The Inns of Court or “Inns” are professional membership associations for barristers in England and Wales. The Inns are mostly non-academic societies which provide collegiate and educational activities and support for barristers and students. They all provide the use of a library, lunching and dining facilities, common rooms and gardens. There are four Inns: Lincoln’s Inn, Gray’s Inn, Inner Temple and Middle Temple, all based in London.

You must be a member of an Inn before you start the vocational component of training for the Bar. The deadline for joining an Inn for students is 31 May in the year in which you start your vocational training, which may be at the start of the course or partway through if you are doing a course which integrates the academic and vocational components of training. Transferring lawyers should contact their chosen Inn for more information about when they should join.

It is up to you which Inn you choose to join, though you can only join one Inn. Your choice of Inn does not affect the area of law in which you practise or your choice of pupillage or tenancy. You may wish to visit or contact the Inns in order to help you make your choice. All four Inns provide a similar range of services, including scholarships to students on the GDL and students undertaking the vocational component of training. Information about the different scholarship requirements, including deadlines for application, are available on the Inns’ websites.

You must apply directly to your chosen Inn for membership with an Admission Declaration, which enables the Inn to identify any issues which may call into question whether you are a fit and proper person to practise as a barrister. More information about joining an Inn and the role of the Inns can be found in the Bar Qualification Manual.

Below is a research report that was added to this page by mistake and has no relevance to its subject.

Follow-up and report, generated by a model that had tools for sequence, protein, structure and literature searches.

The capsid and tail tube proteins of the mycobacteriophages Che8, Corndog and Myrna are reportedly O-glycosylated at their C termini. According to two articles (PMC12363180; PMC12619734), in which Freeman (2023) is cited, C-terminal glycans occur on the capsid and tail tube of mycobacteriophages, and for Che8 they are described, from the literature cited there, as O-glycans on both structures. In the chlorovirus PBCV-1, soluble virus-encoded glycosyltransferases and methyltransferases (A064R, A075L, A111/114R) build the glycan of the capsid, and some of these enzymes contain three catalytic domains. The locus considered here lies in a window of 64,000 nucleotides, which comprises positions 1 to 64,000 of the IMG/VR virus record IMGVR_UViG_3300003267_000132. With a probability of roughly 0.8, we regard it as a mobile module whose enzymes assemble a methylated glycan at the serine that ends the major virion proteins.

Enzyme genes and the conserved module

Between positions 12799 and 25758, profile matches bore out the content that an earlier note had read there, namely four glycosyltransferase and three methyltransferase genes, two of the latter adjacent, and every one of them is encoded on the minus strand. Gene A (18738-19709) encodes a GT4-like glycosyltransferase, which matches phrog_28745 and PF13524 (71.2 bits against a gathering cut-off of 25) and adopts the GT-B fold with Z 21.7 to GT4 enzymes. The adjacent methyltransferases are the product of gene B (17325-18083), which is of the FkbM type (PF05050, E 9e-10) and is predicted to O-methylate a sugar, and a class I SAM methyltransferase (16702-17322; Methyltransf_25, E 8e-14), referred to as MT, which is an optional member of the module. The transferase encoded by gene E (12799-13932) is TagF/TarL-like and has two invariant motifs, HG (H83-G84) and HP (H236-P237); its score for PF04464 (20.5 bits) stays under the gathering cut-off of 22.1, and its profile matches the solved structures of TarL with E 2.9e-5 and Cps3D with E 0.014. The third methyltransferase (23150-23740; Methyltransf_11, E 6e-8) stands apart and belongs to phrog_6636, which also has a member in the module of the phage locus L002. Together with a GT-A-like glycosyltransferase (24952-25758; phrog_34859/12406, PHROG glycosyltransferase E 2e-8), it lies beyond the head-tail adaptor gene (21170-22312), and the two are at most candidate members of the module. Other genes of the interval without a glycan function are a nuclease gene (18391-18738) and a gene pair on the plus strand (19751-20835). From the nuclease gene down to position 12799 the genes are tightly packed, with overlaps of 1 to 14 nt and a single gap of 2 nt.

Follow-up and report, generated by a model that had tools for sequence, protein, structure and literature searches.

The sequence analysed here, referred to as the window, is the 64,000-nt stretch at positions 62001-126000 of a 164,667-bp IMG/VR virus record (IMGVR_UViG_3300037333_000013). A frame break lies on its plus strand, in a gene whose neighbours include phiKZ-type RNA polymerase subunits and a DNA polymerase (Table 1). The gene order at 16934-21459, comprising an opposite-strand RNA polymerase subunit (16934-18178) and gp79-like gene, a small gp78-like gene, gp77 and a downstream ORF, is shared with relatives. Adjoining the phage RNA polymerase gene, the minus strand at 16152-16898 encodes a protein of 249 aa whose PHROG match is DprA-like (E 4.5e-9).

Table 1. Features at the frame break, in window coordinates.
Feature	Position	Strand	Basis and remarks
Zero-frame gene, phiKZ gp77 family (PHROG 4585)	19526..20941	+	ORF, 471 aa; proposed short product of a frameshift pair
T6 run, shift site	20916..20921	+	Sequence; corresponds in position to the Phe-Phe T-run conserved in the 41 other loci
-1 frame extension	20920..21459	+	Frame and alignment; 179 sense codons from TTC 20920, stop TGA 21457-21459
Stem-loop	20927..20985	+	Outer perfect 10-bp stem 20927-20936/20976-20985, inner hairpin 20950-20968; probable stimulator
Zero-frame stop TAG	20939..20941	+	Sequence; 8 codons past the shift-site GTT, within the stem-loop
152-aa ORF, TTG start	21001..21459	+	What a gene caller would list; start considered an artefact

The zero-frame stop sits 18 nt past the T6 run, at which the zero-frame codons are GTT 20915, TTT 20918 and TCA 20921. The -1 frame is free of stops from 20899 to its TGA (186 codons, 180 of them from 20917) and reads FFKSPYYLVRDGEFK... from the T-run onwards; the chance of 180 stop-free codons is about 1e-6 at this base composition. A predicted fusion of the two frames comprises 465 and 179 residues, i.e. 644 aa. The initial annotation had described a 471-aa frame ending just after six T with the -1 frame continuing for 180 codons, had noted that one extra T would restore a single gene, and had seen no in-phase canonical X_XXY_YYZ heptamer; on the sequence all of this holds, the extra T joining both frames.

During the vocational component, you will be required to attend qualifying sessions with your Inn. Qualifying sessions are intended to complement and build on your academic and vocational training. They may include lectures, dinners, advocacy courses, moots and residential weekends, and will cover one or more of the following categories:

  • Ethics, Standards and Values
  • Advocacy Skills
  • Legal Knowledge, Justice and the Rule of Law
  • Equality, Diversity and Inclusion; and
  • Preparation for Pupillage, Career Development and Wellbeing

Once you have successfully completed the vocational component, your Inn will Call you to the Bar. You must be Called to the Bar in order to complete the pupillage / work-based learning component of training, and the Inns of Court are the only institutions with the power to Call a person to the Bar.


Guidelines for determining whether someone is fit and proper to become a practising barrister

In March 2019, we signed a Memorandum of Understanding with The Council of the Inns of Court (COIC) and each of the four Inns which, among other things, set out the future Guidelines for the Inns in determining if a person is "fit and proper" to become a practising barrister. Following our approval of the Inns Conduct Committee Rules, these new Guidelines come into force on 1 January 2020. This means that from 1 January 2020, those applying for admission to an Inn, and subsequently for Call to the Bar, will be assessed against these new Guidelines.

Please note that the requirement for a "Standard" Disclosure and Barring Service (DBS) check in time for Call will begin with those individuals seeking Call to the Bar in July 2021.